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How and Why You Should be Strengthening Your Pelvic Floor

For some, strengthening the pelvic floor can dramatically improve quality of life. Often linked to incontinence from age, surgery, or childbirth, a weakened pelvic floor can actually be improved without invasive procedures or expensive visits to the doctor. In fact, a few simple exercises can often help strengthen the pelvic floor – all from the comfort of home!

What is the Pelvic Floor? And Why is it Weak?

The pelvic floor is a small group of muscle fibers that supports the uterus, bladder, small intestine, and rectum. As you can imagine, it’s important to keep the pelvic floor strong in order to remain in control for bathroom duties. In other words, the pelvic floor allows you to ‘hold it’ when you feel the urge to go.

There are many reasons why this distinct muscle group weakens over time. Age can be a major factor; like other muscle groups in the body, the pelvic floor can naturally lose its elasticity and strength as the years go by. But other events can trigger a problem with the pelvic floor as well – most notably, childbirth. In addition, men that have undergone prostate surgery may have a weakened pelvic floor.

Other conditions may also put strain on pelvic floor muscles, causing them to wear out faster over time. For example, chronic coughing or straining during constipation – both of which engage those specific muscles – can cause the pelvic floor to weaken. Obesity can also put additional strain on the pelvic floor.

Most Common Reasons to Strengthen the Pelvic Floor

A weakened pelvic floor can lead to urinary and fecal incontinence – which can vary from a slight accident triggered by a laugh or sneeze, to a severe and oftentimes embarrassing loss of bowels that can happen without warning. No matter where you may be on the spectrum, a weakened pelvic floor can certainly compromise quality of life, so it’s something worth addressing.

But addressing incontinence isn’t the only benefit that comes from strengthening your pelvic floor. Studies show that strengthening the pelvic floor muscles can also increase sensitivity during sex, leading to stronger orgasms. For men, a stronger pelvic floor may help reduce the symptoms of erectile dysfunction as well. So, a stronger pelvic floor may contribute to better sexual health overall.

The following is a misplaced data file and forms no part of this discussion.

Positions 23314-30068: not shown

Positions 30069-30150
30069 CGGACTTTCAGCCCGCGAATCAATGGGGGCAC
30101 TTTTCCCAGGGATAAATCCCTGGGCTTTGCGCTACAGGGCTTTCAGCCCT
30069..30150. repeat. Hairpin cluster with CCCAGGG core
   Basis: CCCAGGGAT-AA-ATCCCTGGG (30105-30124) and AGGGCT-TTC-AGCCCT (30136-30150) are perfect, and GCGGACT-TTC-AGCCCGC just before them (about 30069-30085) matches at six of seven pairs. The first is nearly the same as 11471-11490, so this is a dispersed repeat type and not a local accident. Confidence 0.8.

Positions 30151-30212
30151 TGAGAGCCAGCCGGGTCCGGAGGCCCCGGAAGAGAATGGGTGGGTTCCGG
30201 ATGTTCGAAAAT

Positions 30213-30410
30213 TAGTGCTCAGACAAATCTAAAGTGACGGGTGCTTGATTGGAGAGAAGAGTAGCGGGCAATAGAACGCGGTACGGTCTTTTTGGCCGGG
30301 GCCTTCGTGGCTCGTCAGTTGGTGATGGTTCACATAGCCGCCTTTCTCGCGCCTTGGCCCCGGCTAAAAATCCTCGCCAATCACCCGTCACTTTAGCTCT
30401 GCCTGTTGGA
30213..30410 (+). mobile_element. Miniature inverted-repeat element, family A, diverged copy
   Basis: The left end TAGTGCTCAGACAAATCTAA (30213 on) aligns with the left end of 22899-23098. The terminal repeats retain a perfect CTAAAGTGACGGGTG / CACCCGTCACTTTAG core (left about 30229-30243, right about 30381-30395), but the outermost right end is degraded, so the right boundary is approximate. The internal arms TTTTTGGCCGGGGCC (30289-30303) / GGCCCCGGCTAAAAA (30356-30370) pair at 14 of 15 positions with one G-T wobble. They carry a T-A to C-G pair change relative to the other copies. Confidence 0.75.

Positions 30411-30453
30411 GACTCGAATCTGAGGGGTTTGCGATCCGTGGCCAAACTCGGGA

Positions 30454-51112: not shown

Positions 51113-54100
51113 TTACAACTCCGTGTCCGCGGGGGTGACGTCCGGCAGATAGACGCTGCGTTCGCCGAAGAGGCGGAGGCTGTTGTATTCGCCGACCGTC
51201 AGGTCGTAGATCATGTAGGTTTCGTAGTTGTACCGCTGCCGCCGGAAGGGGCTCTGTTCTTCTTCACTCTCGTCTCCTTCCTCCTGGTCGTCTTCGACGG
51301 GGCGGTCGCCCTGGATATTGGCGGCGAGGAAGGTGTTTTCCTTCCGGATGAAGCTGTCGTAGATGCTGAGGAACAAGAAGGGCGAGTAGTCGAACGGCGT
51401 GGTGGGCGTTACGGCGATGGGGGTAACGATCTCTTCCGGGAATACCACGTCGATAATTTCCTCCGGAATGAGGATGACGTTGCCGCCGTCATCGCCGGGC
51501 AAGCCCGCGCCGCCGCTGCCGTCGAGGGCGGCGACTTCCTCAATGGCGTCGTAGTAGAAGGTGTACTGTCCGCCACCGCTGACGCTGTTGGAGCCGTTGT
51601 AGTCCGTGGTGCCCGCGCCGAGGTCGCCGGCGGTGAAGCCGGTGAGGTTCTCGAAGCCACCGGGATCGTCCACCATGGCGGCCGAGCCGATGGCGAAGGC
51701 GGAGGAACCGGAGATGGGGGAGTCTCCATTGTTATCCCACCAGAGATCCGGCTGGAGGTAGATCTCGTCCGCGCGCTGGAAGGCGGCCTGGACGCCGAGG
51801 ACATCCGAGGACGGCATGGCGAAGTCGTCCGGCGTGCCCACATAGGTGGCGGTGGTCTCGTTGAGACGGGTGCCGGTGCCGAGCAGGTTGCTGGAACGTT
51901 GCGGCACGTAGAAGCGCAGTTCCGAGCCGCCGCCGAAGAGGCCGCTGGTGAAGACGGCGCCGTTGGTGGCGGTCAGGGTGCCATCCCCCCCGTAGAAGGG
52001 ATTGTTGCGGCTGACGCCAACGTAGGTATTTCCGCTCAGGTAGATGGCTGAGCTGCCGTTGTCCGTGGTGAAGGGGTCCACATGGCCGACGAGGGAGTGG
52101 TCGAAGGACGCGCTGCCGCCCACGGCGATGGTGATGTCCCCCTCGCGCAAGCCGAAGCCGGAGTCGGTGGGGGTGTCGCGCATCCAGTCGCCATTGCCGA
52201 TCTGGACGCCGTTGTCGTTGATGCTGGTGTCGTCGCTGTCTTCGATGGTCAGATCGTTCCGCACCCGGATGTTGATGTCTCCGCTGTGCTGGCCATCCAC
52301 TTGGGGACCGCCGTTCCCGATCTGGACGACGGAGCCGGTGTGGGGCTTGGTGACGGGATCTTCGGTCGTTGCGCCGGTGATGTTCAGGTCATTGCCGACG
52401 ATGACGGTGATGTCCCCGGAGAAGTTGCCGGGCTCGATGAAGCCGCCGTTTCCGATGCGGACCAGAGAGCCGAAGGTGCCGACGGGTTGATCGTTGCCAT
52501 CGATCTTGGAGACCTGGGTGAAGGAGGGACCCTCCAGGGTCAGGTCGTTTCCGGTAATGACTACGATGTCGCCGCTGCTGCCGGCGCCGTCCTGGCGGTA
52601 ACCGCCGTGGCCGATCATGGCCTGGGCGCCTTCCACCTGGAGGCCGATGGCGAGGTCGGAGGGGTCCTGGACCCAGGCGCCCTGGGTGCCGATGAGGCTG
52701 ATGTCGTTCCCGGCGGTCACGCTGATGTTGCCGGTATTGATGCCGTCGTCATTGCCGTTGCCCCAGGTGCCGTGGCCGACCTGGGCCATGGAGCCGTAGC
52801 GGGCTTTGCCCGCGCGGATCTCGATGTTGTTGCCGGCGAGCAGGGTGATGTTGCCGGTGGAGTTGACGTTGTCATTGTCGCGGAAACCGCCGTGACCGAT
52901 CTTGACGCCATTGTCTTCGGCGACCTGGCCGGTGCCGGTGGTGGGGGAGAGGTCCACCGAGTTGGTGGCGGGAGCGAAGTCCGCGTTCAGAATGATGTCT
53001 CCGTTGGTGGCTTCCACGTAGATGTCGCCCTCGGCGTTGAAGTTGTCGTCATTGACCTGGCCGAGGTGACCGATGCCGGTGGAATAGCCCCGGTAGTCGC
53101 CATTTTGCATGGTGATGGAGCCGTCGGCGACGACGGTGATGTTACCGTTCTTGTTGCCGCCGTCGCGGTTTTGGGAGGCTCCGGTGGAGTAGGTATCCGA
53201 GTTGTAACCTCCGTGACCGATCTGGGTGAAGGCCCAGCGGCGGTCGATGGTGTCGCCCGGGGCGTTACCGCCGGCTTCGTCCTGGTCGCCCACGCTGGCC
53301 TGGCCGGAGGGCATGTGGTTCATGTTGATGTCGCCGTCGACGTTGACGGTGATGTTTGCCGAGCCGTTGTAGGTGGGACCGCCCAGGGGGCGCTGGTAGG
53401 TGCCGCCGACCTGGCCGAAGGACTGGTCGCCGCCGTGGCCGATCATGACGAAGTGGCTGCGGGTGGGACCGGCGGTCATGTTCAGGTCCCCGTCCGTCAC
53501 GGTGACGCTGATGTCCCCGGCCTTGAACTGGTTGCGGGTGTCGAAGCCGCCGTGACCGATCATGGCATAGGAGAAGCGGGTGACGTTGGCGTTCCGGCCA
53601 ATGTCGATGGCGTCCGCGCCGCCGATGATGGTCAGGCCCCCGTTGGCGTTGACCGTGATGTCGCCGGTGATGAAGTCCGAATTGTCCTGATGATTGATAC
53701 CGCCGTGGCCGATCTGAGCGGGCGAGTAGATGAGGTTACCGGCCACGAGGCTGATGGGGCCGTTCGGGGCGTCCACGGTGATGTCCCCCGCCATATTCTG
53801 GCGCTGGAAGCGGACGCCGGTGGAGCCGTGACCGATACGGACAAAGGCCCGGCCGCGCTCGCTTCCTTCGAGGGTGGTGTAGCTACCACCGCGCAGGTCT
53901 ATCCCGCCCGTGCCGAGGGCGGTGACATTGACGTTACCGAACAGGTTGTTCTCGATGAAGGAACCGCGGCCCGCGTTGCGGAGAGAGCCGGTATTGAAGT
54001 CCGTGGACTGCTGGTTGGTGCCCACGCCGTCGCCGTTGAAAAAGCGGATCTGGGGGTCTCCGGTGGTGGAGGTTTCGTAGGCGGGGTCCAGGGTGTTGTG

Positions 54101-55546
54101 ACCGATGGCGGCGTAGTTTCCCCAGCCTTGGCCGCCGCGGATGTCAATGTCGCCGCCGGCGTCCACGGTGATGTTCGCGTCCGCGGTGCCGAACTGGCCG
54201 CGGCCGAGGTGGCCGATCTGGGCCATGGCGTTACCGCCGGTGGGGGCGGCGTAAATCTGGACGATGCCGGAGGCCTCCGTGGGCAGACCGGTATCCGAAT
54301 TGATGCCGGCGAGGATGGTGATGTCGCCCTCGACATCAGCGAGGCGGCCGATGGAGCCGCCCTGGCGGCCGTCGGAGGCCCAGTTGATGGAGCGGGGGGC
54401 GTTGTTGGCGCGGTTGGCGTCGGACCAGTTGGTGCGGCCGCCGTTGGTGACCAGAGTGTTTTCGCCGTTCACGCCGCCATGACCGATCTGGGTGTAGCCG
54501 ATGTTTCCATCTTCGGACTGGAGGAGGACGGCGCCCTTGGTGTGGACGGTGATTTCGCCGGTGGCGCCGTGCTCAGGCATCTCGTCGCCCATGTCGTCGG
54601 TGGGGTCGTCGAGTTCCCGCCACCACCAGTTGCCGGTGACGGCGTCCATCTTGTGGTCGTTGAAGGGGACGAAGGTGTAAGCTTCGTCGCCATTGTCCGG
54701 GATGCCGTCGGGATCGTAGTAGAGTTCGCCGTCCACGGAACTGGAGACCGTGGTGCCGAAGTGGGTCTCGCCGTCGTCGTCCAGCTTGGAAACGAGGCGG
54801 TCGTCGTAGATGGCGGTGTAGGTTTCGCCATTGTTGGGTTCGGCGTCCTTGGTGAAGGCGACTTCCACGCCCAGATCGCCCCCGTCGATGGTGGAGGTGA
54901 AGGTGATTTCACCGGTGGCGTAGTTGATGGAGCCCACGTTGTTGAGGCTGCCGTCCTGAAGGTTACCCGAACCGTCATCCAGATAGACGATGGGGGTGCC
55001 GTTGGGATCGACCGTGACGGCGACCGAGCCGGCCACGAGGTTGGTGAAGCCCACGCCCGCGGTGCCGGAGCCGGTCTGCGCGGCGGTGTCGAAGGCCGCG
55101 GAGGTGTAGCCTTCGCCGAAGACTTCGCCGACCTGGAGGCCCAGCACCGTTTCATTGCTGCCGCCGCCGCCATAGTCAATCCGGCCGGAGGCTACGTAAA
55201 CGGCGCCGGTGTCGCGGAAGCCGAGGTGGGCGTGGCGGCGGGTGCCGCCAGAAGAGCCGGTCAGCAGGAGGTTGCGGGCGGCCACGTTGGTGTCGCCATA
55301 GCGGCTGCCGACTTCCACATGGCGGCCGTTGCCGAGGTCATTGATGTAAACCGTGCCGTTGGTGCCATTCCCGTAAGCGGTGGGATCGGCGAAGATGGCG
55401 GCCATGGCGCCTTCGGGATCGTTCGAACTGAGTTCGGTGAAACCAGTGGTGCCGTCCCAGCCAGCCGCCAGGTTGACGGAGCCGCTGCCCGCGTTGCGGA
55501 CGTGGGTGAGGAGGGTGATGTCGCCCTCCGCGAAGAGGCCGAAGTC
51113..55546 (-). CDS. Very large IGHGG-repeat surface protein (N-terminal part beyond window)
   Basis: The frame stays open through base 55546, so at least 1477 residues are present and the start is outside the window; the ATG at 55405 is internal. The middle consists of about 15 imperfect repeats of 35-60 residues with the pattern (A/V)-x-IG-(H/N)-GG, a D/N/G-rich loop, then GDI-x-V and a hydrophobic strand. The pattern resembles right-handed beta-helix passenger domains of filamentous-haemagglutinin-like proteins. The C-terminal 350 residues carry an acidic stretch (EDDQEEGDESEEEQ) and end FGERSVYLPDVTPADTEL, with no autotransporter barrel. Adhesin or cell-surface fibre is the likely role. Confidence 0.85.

Kegel Exercises to Try at Home

The good news is that many people notice improvement without the need for invasive procedures. Popularly referred to as Kegel exercises, completing reps of intentional muscle engagement can help strengthen those muscles. Here’s how:

  • Empty your bladder. Do this first before attempting Kegel exercises.
  • Find the pelvic floor muscles. Imagine trying to stop the flow of urine when you’re using the restroom – those are the muscles! It’s a slight but distinct movement ‘down there’ that can help you identify the feeling of flexing the pelvic floor.
  • Take a comfortable seat. No need to be on the toilet for these exercises, as you’re not actually going to release any urine – only flexing the muscles to simulate stopping the flow.
  • Complete a rep of 10 pelvic floor flexes. Activate the pelvic floor muscles and hold each flex for a few seconds. Do not squeeze any other muscle groups, like your buttocks or abs. And don’t hold your breath! Try and activate the pelvic floor only.

It’ recommended to do a rep of 10 flexes once a day before adding a few reps each week to strengthen the pelvic floor in a healthy manner. Most people notice results within just a month or two.

Supplementary Exercises

While kegels are the most well known and the most directly beneficial, there are a few other exercises you can add to your routine to build up strength in your pelvic floor:

Bridges- Most people think of bridges as a glute exercise, but they can be a workout for your pelvic floor as well!  To do them, lie on your back with your knees bents and feet close to your butt.  Lift your butt in the air as high as possible, trying to create a straight line from your knees to your shoulders.  Hold for a few seconds and then return to your starting position.

Heel Slides- To do these, lie on your back with your legs straight out, like a savasana pose.  Keeping your core and pelvic floor engaged, slide one foot up towards your butt by bending the knee.  Return to the start and then alternate legs.


To build a stronger pelvic floor and reap all of the associated benefits, start incorporating these exercises into your routine several days a week.  Your body will thank you!

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Dr. Candice Seti


California-licensed Clinical Psychologist, Certified Nutrition Coach, and Certified Personal Trainer

Dr. Candice Seti

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